|About the Author: Joseph J. Cuny - 12 yrs Civil Engineering, State of California, B.S. in Physics, University of Nevada, 4 years of Applied Physics in Aerospace, 29 yrs Sanitary Engineering, City of Los Angeles.|
for allowing us to use this very timely article
Some time ago I discussed a practice that seemed to be developing on the East coast. I understand the same practice is now showing up on the West coast. This has to do with the placing of rocks, stones, and/or gravel on the bottom of a pond: it is called aesthetics because it simulates the appearance of natural streams.
Don't get me wrong, I am not against aesthetics. Yes, I know that scientists, engineers, and so forth are supposed to be cold, calculating things with no interest in the arts, but this is not necessarily so. Even though I am aimed at the engineering aspects of koi husbandry, after many years of koi shows I would hope that some of the aesthetic aspects have penetrated my skull.
Also, I believe in the truth, whatever that is, and I do not believe in shoving that truth down people's throats. I like to be reasonably sure that people have the facts (not necessarily my facts) before deciding on something. The following are, to the best of my knowledge, the major facts concerning rocks in the bottom of a pond. I am sure that some vendors have their own set of facts; whichever set you want to believe, is up to you.
Whether the pond is constructed of concrete, fiberglass, or a liner, rocks on the bottom can be bad for your koi. Note the conditional phrase "can be bad" because that is the type of thing often ignored in engineering statements. The various conditions are ignored because people want a simple answer, not one that requires some effort to understand. Come to think of it, the same thing often happens when some koi get sick or die. Usually the owner wants a simple answer, no complications. Unfortunately, life is not simple!
Now to the question, what's wrong with aesthetic rocks in the bottom of a koi pond? The first reason is the simplest and not even engineering. When koi scratch or flash as they sometimes do, they rub on the bottom. Any projection on the bottom can cause damage to your koi.
For the engineering answers, we have to consider some of the differences between our ponds and natural streams. In particular, why do we use biofilters on our ponds? Obviously, we use them to process the waste products of the koi and thereby ensure that the pond water is safe. To put it bluntly, we don't want our koi swimming in their own toilets!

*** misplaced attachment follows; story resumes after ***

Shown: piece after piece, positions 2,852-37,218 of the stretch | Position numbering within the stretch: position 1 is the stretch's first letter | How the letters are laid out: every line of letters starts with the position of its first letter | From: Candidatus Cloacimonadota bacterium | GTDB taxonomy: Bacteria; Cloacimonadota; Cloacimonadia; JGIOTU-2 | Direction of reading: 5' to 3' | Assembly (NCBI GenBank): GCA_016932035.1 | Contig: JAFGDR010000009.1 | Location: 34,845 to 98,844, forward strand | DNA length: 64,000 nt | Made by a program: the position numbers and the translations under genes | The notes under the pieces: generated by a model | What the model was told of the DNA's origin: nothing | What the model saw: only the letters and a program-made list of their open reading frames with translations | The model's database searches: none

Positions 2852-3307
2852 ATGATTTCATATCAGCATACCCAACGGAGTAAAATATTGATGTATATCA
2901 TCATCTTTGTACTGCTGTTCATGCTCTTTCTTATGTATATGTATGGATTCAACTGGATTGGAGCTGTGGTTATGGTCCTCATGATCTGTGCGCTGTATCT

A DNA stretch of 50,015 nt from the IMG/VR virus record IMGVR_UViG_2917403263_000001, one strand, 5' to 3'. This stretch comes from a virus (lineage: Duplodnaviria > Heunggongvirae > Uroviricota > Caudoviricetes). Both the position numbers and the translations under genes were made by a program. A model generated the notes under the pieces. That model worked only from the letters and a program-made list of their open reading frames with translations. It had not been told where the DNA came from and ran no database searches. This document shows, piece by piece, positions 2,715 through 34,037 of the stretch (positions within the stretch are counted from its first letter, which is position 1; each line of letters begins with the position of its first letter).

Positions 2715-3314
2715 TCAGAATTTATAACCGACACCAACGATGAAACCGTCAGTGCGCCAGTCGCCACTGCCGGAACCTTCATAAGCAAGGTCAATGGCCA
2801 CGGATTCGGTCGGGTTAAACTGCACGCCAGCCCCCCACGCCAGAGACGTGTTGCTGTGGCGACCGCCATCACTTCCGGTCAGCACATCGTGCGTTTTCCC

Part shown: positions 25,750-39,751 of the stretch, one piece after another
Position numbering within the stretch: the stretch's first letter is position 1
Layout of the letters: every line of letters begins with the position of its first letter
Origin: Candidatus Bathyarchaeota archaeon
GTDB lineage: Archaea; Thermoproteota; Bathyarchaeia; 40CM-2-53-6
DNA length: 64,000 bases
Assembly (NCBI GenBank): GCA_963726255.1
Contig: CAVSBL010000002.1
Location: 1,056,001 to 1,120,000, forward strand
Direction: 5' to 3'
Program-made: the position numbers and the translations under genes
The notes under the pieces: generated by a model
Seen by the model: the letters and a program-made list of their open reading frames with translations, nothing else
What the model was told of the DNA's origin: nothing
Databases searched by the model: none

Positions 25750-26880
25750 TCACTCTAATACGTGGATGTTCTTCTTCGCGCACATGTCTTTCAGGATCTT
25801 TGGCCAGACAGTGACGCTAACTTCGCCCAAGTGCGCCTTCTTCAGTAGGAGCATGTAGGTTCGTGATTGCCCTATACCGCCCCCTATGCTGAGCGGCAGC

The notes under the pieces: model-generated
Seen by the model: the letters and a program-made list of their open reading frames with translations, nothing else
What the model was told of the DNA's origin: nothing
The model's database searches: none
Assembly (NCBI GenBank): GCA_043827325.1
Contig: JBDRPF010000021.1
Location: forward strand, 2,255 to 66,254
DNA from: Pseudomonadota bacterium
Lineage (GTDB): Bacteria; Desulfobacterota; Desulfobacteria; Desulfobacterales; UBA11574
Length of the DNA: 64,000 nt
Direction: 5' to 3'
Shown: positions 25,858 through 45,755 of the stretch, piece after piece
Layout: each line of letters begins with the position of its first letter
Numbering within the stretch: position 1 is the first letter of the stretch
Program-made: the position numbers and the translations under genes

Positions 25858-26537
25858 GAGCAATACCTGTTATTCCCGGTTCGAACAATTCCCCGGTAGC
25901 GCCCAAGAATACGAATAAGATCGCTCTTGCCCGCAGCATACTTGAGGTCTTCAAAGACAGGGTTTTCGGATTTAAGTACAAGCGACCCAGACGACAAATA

How does this relate to rocks on the bottom of a pond? The rocks interfere with the flow patterns of the water and provide pockets where solid waste can accumulate. (Incidentally, the same problem occurs with a thick layer of algae.) Each of these pockets then becomes an individual sewage treatment plant. Since these rocks simulate those in the natural streams, we have to ask, why are the rocks in the pond different?
At this point we could chicken out and simply state the answer but let's take a minute or so and slightly expand our engineering knowledge. When engineers design a model, they run into compatibility problems. Real systems such as buildings, machines, boats, ponds, and so forth, are influenced or controlled by a number of things. Most of those things follow different laws-laws that are incompatible in designing models. When the model is designed, the designer must select the aspects to be considered and essentially ignore all others.
Similarly, if you designed your backyard to simulate a specific Japanese garden, you would not simply scale it down to fit the yard. A scaled-down garden would result in a pond that is probably too small, along with small koi, trees, and so forth; everything would seem inappropriate for a backyard. Again, you would not scale it down but you would design a garden that would give a feel for the original. In other words, your modeling would emphasize the aesthetics of the garden. Now back to the original question, what's wrong with aesthetic rocks in the pond?